an attempt to put you into my shoes for a week in a third world country
situation, I’ve gone back to some notes I made in my travel journal and I’ve
decided to narrate you through one of my business trips to Bandung, Indonesia. If you’re thinking about going to such a
faraway place, I’m hoping you can benefit from my experience:
Perhaps I was a bit
too quick to judge when I told my friend Kent that this was a beautiful place
but not a good place to vacation… You can “rule the world” here for
$20 per day! If you’re a nature enthusiast, it’s a great place to hunt
for semi-precious stones (jasper, agate, feldspar, amethyst), to hike around
volcanic caves and craters, to see forests of teak wood, or to see a variety of
indigenous animals. The best part is, you can do it all for almost
nothing! For example, we had dinner tonight at a very fancy
restaurant. Parking was 1,000 Rupiah (ten cents). Each of us had
our own personal server and the entrees were between 7 and 25 dollars.
Western hotels have caught on however, and they charge similar prices to what
they do in the U.S. I guess the trick is to get away from the hotel when
you can, but you have to be mindful of security. On several occasions,
I’ve tipped a concierge or a waiter at the hotel $5. That’s 50,000
Rupiah. To me, it was 5 dollars on a 30 dollar tab or whatever. To
them (I have recently discovered) it’s almost three days wages! Word has
spread throughout the hotel that the man in room 442 is either generous or
crazy and apparently has tip money. Everyone here from the housekeepers
to the pool-boy smiles broadly and greets me with “Good Morning, Mr.
Ken!” “Good Afternoon, Mr. Ken… Nice to see you Mr. Ken”! It’s good
to be the king. The taxi fare for a 15 minute (8km) drive to work every
morning runs between 80 to 90 cents. Day one, I paid with three 1,000
Rupiah notes and the driver gave me a card with his private cell. He’s been
a great driver for me all week! I call, he comes…
More on Muslim
culture… I learned early in the week that the first call to prayer is at
4:00am. The call is blasted out of every mosque from an electric
loudspeaker. The idea is to wake the
neighborhood and to let them know that it’s time to pray. During the 40 days of the Holy Ramadan,
they’re allowed one large meal at breakfast and they fast for the rest of the
day. To have the time to eat with their families, they adjust the call to
prayer to 3:00am (yes, AM, as in, “the morning”). Mosques send trucks
with loudspeakers on them throughout the local neighborhoods to blast them
awake with chants and prayer. It’s a bit like a zealous ice-cream man.”
Forty days of that. In a row…
I’ve run into several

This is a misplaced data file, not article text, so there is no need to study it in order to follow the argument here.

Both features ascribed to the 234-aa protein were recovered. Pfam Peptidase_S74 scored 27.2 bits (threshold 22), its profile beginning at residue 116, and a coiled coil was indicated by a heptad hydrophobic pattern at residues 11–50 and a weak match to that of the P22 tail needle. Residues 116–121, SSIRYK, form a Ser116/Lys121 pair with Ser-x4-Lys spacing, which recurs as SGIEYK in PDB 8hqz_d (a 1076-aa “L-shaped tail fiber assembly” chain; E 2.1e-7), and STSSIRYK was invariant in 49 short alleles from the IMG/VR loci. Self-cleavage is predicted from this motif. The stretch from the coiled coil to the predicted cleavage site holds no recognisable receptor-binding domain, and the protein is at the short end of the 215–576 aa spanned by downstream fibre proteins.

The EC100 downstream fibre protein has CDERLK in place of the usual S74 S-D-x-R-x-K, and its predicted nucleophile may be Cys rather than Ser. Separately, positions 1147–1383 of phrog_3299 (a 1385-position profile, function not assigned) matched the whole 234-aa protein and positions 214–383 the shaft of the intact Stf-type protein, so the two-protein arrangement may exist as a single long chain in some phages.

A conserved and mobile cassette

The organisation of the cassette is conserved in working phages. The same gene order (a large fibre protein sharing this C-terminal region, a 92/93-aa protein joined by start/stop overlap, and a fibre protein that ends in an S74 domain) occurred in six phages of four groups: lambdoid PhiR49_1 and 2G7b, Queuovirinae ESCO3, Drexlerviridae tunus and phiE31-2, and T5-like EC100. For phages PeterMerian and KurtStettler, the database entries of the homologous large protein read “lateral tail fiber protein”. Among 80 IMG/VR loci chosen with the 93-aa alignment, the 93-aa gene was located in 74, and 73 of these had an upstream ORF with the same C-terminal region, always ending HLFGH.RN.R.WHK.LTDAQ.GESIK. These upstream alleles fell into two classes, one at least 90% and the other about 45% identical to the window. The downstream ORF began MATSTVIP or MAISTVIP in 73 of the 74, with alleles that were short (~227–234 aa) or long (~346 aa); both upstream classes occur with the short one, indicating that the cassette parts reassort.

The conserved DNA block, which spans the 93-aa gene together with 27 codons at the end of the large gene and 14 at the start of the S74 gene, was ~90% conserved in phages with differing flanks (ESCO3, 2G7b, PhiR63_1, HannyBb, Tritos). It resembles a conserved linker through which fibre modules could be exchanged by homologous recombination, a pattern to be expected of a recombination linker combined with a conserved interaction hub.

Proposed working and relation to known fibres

goat herders and goat salesmen over the last few days. I enjoy the goats,
but learned that, well… their days are numbered. I was told today that
January 10th is a holy day of sacrifice for the Muslims here. They are
buying goats and other animals to bring to the temple for sacrifice. As
sad as I am for the goats and sheep, I wish I could stay to watch it.
Apparently, it’s a scene right out of the Old Testament with scores of pilgrims
marching to the temple with sacrificial animals in tow. It would be an
interesting sight to see. Stinky, but interesting.
The toilet mystery
has been solved. Today I learned that Indonesia installed its first
sit-down toilet in 1986. Saints be praised. Prior to that time,
they literally squatted over a hole in the ground or over a bucket or similar
device. According to Henry, even though the modern joys of toiletry are
upon them, the more “mature” members of society don’t trust
them. They prefer “old school methods.” So… standard
stall, remove pants, hang pants on hook.
with feet squarely on the washboard ridges provided around the toilet
hole. (I assume the washboard ridges and the grip they provide are
also a fairly recent and modern addition, but they’ve apparently gained
acceptance where other innovations have failed.)
to a comfortable position and relieve yourself. (Shudder)
flush handle you’re looking for does not exist, so… use the bucket and ladle
to rinse in and around the hole.
the bucket for the next patron.
your pants back on, but roll the cuffs up to your knees.
your feet (for reasons that should be obvious) in the foot trough next to
knee-high rubber boots instead of flip-flops for work attire, and remember
to pack your own toilet paper for tomorrow.
Strangely enough, there
are several outlet stores here. They’re synonymous with the names of
Western stores who’ve been in the news regarding child labor laws and third
world countries. There’s a Ralph Lauren store not 10 miles from here AND
it is connected to a Ralph Lauren Textile Manufacturing Center. As
tempting as a set of king-sized Polo sheets for $5 would be, I could NOT in good
conscience walk into that store, look those folks right in the eye, and walk
away with an item they worked HARD on; for what I’d pay for a snack at
All modes of
transportation in this country share the same road. Taxis, cars, buses,
horses, scooters, goats, burros, pedestrians, bikes, you name it. The
painted white lines are a general guideline. My taxi went “3 cars wide”
in a one lane road this morning a couple of times, and we nearly hit a man on
his donkey. I asked, “Do people get killed in the streets here?” He
said (with a casual air that was damned scary) “Yes, all the time.” If
I’d asked him, “Does it rain a lot here?” He’d have given me the same answer,
with the same lack of concern or consideration for the importance of the topic.
The garbage in the
streets here is frightening. I have no idea when they empty it, if
ever. They might just let it compost right there in the street. The
nasty thing is, the garbage heap is right in the middle of the farmer’s
market. I could find healthier food in the dumpsters of American
restaurants than these poor folks are buying from their local market. It’s
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